NBC’s “Kings” starts its regular Sunday evening run at 8 p.m. on March 22, after a special two-hour premiere this Sunday, March 15. The show takes the biblical drama of young David, Goliath, King Saul and the prophet Samuel and transports it to a contemporary city that looks a lot like a gleaming New York after a thorough scrubbing.

Don’t look for a 21st century swords-and-sandals, however. The political intrigues and corporate power plays have a distinctly Washingtonian ring, and part of the fun is to look for parallels to the last year of President George W. Bush’s administration, the Cold War, Vietnam, Iraq, Middle East conflicts and even the kidnapping of Israeli soldier Gilad Shalit.

Green, who attended a yeshiva in New York, is a bit coy about drawing direct biblical-contemporary comparisons.

“It’s not for me to say what the parallels are,” he commented. “That’s up to each viewer.”

However, any Jewish or Christian viewer who stayed awake in Sunday school should have no trouble identifying the TV protagonists with their biblical counterparts.

We meet King Silas Benjamin (King Saul of the tribe of Benjamin, first king of Israel), David Shepherd (David, the shepherd), the king’s son Jack (Jonathan), his daughter Michelle (Michal), and the Rev. Ephraim Samuels (the Prophet Samuel).

Actors in the two key roles are Ian McShane (“Heroes”) as the king and Australian actor Chris Egan as David.

In the premiere episode, we find the king, in an expensive power suit ruling over the prosperous Kingdom of Gilboa and ensconced with his queen in a mansion in the capital of Shiloh.

He is also at war with neighboring Gath, and when his son is kidnapped during a military skirmish, it is David, a fellow soldier, who frees Jack and earns the gratitude of the king.

To free the hostage, David has to do battle with Goliath, who appears in a rather unexpected form. At home, David becomes an instant media favorite.

Peace is made but soon broken, followed by new negotiations with prickly Gath officers, who look suspiciously like Russian generals, with square faces and jackets full of medals. On a softer touch, David and Michelle (the beautiful Allison Miller) begin to fall in love.

As creator and executive producer of “Kings,” Green makes it even tougher to define the precise genre of the series by introducing touches of sci-fi and fantasy. For instance, the emblem of Gilboa is the orange monarch butterfly, and when a successor to the king is anointed, a swarm of butterflies form a crown around the chosen one’s head.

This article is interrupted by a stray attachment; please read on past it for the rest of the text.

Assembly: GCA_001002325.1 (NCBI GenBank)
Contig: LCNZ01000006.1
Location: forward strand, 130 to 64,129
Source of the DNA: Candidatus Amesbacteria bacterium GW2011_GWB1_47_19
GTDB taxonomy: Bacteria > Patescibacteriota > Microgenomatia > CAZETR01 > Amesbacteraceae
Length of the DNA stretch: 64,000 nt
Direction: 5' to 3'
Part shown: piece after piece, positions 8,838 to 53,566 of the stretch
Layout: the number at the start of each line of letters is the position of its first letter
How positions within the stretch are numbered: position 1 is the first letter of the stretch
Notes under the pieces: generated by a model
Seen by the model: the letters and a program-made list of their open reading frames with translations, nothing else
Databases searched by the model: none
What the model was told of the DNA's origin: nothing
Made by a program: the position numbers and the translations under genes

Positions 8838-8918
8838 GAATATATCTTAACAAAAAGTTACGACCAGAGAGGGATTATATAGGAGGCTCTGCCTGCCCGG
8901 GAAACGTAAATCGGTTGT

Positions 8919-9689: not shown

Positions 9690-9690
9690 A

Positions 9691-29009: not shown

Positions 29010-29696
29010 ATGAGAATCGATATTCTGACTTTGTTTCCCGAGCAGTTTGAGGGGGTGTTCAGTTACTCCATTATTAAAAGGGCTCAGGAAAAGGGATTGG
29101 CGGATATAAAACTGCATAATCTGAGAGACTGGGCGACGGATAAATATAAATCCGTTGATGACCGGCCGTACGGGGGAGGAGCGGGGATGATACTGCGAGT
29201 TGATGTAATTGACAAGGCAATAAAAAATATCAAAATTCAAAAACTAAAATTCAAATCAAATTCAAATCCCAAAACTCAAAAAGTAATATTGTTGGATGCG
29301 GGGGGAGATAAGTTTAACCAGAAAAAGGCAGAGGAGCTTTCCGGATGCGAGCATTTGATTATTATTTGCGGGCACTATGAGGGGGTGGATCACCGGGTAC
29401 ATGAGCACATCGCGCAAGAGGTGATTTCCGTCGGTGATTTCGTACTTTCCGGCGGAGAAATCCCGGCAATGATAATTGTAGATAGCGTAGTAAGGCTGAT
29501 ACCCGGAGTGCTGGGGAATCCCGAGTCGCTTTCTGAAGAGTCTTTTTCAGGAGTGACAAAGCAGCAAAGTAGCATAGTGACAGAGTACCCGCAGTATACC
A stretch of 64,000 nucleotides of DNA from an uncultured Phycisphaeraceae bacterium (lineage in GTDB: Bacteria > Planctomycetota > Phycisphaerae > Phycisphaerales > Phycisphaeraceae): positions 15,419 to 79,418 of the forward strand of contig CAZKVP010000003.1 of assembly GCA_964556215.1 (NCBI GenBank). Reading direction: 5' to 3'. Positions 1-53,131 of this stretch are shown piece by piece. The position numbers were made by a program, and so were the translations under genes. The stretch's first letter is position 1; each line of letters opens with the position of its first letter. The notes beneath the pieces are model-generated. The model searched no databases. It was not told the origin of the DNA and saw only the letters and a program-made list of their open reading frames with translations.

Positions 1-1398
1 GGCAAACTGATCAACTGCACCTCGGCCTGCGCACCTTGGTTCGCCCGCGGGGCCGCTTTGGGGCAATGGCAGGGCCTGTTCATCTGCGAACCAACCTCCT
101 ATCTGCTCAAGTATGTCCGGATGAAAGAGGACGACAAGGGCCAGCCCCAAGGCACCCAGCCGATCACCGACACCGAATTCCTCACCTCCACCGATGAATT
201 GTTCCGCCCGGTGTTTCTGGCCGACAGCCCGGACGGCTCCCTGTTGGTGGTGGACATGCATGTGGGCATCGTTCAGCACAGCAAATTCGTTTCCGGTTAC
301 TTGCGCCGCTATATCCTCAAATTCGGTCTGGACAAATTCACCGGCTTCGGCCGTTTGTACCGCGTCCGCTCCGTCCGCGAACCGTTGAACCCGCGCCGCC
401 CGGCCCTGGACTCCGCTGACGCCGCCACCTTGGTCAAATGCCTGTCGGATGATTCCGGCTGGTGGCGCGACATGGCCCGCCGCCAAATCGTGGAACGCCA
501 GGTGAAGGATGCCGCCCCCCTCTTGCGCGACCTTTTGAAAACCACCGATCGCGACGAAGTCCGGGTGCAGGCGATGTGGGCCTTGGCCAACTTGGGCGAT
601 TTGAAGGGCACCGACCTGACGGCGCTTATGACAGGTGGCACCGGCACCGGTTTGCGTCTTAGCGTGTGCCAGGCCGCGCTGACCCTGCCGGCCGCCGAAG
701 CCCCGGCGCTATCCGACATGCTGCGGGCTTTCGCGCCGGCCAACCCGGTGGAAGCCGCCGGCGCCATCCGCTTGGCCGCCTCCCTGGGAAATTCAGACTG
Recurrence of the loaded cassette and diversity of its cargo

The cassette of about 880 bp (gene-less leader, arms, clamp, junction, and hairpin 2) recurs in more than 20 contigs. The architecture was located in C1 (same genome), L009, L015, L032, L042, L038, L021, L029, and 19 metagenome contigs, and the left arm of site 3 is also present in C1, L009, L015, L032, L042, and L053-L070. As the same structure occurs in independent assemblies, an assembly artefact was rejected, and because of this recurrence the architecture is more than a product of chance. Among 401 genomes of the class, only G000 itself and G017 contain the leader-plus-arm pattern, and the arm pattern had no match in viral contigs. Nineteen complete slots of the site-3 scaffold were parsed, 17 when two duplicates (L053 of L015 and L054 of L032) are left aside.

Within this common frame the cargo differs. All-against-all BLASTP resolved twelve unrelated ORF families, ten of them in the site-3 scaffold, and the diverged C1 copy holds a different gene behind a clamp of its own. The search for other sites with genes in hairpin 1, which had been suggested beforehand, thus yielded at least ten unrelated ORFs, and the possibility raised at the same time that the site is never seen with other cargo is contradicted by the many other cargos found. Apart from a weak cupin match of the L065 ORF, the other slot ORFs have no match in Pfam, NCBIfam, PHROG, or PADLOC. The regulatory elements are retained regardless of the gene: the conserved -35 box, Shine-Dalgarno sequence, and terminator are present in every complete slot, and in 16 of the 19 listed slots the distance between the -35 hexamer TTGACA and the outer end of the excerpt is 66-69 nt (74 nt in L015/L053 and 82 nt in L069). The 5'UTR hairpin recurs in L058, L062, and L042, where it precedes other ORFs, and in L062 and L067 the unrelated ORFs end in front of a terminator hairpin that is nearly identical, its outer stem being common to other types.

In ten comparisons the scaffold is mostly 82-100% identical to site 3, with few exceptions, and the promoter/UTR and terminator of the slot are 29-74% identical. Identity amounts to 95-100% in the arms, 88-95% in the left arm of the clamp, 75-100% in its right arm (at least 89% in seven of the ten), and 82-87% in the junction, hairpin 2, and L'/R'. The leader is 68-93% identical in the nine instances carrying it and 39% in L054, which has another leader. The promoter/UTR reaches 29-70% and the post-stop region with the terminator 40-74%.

By contrast, the flag of Gath sports a star, through Green denies that it is modeled on the five-pointed Soviet star.

“King’s” crew has shot 14 episodes —a season’s worth, and the premiere contains two of them—in and around New York, at studios in Brooklyn’s Greenpoint and in a Nassau County mansion.

With a large cast, opulent palace scenes and shooting in New York, this is an expensive production.

Green begged off giving an exact budget figure, but he put the cost of an average prime-time TV episode at between $2 million and $4.5 million, with “Kings” definitely on the high end.

Green, 36, is a native New Yorker, with close ties to Israel. His mother was born in Tel Aviv and came to the United States after finishing her army service, met Green’s father, and “has visited ever since,” Green said, adding, “most of my extended family lives in Israel.

He is optimistic that “Kings” will eventually be seen on Israeli and British television, which usually happens after a new series’ second or third season in the United States.

Green reinforced his boyhood yeshiva studies with a more academic perspective when he took a double major in human biology and religious studies at Stanford University.

After college, his interest turned to story writing, rather than religion or biology.

He noted, “I once created the character of a doctor in one of my shows, but never became one myself – to the disappointment of my parents.”